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Inflamm Regen. 2016 Oct 18;36:19. doi: 10.1186/s41232-016-0025-2. eCollection 2016.

Liver regeneration and fibrosis after inflammation.

Author information

1
Department of Regenerative Medicine, Research Institute, National Center for Global Health and Medicine, Tokyo, Japan.
2
Institute of Molecular and Cellular Biosciences, The University of Tokyo, Tokyo, Japan.

Abstract

The liver is a unique organ with an extraordinary capacity to regenerate upon various injuries. In acute and transient liver injury by insults such as chemical hepatotoxins, the liver in rodents returns to the original architecture by proliferation and remodeling of the remaining cells within a week. In contrast, chronic liver inflammation due to various etiologies, e.g., virus infection and metabolic and immune disorders, results in liver fibrosis, often leading to cirrhosis and carcinogenesis. In both acute and chronic inflammation, a variety of immune and non-immune cells in the liver is involved in the processes resulting in either regeneration or fibrosis. In addition, chronic hepatitis often accompanies proliferation of atypical biliary cells, also known as liver progenitor cells or oval cells. Although the origin of liver progenitor cells and its contribution to hepatic repair is still under intense debate, recent studies have revealed a regulatory role for immune cells in progenitor proliferation and differentiation. In this review, we summarize recent studies on liver regeneration and fibrosis in the viewpoint of inflammation.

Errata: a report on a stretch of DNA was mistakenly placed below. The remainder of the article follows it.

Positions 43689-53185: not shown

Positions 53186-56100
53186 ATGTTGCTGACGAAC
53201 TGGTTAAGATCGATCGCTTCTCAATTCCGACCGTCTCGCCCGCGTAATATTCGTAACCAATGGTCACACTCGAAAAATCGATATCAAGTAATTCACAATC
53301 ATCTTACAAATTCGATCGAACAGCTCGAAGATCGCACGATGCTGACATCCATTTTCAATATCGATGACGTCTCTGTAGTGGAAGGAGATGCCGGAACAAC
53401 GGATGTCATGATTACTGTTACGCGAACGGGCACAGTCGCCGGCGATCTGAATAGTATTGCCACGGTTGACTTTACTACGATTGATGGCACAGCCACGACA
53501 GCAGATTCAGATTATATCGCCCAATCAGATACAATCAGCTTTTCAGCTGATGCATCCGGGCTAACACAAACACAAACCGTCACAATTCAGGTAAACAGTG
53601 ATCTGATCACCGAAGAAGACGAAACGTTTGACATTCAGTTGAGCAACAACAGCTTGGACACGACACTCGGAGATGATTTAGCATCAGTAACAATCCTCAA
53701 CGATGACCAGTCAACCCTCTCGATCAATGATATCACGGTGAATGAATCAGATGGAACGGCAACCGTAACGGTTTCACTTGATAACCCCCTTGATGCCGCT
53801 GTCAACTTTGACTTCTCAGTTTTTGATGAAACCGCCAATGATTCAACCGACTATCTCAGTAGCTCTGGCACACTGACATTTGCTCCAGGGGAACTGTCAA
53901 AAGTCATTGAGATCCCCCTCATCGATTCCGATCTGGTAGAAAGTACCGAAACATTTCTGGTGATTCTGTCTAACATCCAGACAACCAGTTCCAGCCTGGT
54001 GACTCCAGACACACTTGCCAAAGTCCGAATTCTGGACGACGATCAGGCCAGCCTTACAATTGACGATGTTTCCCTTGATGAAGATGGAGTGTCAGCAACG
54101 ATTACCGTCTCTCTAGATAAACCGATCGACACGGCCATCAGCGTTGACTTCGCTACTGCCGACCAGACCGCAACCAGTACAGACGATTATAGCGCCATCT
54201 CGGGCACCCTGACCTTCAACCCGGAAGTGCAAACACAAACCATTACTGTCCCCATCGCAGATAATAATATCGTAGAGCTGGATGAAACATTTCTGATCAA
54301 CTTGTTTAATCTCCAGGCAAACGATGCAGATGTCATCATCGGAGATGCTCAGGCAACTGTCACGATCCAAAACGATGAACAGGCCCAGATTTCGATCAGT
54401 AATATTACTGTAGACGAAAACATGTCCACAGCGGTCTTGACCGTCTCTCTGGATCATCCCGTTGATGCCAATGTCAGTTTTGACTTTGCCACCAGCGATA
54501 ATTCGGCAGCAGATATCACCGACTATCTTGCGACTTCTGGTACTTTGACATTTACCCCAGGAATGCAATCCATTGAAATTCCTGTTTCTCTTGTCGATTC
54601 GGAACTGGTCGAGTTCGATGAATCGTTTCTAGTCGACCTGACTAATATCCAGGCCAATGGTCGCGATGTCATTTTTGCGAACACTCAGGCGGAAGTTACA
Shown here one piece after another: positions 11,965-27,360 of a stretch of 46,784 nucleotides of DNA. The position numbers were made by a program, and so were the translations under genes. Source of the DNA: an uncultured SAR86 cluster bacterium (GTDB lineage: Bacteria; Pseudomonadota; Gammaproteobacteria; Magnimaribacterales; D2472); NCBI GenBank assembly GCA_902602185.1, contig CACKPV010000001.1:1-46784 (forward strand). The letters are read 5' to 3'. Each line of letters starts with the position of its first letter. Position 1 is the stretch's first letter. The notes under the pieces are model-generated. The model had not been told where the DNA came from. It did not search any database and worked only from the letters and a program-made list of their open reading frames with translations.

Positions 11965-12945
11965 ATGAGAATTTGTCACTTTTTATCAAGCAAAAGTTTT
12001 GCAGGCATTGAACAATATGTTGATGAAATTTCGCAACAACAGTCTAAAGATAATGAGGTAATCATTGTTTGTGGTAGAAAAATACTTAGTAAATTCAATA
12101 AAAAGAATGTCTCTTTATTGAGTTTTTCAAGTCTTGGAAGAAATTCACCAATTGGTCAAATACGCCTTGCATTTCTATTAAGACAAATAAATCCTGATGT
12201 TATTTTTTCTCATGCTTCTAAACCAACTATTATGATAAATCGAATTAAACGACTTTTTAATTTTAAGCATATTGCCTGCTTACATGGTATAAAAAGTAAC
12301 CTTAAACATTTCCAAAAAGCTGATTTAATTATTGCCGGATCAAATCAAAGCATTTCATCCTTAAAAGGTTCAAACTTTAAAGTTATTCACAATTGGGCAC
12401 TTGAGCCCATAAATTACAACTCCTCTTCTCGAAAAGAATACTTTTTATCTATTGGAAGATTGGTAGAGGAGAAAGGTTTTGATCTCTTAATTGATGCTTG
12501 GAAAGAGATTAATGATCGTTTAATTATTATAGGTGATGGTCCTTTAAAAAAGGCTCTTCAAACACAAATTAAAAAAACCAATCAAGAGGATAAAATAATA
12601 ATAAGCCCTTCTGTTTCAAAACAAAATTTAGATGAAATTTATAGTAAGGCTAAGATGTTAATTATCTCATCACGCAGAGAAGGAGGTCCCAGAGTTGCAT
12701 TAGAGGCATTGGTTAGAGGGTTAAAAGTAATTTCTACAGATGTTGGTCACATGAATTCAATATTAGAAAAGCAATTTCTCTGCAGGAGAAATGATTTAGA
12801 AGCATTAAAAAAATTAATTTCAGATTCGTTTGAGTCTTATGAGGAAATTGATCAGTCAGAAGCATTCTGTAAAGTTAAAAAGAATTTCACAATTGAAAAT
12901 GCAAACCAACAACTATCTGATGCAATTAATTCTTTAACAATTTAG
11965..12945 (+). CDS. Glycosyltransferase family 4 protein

KEYWORDS:

Fibrosis; Hepatic stellate cell; Liver progenitor cell; Liver sinusoidal endothelial cell

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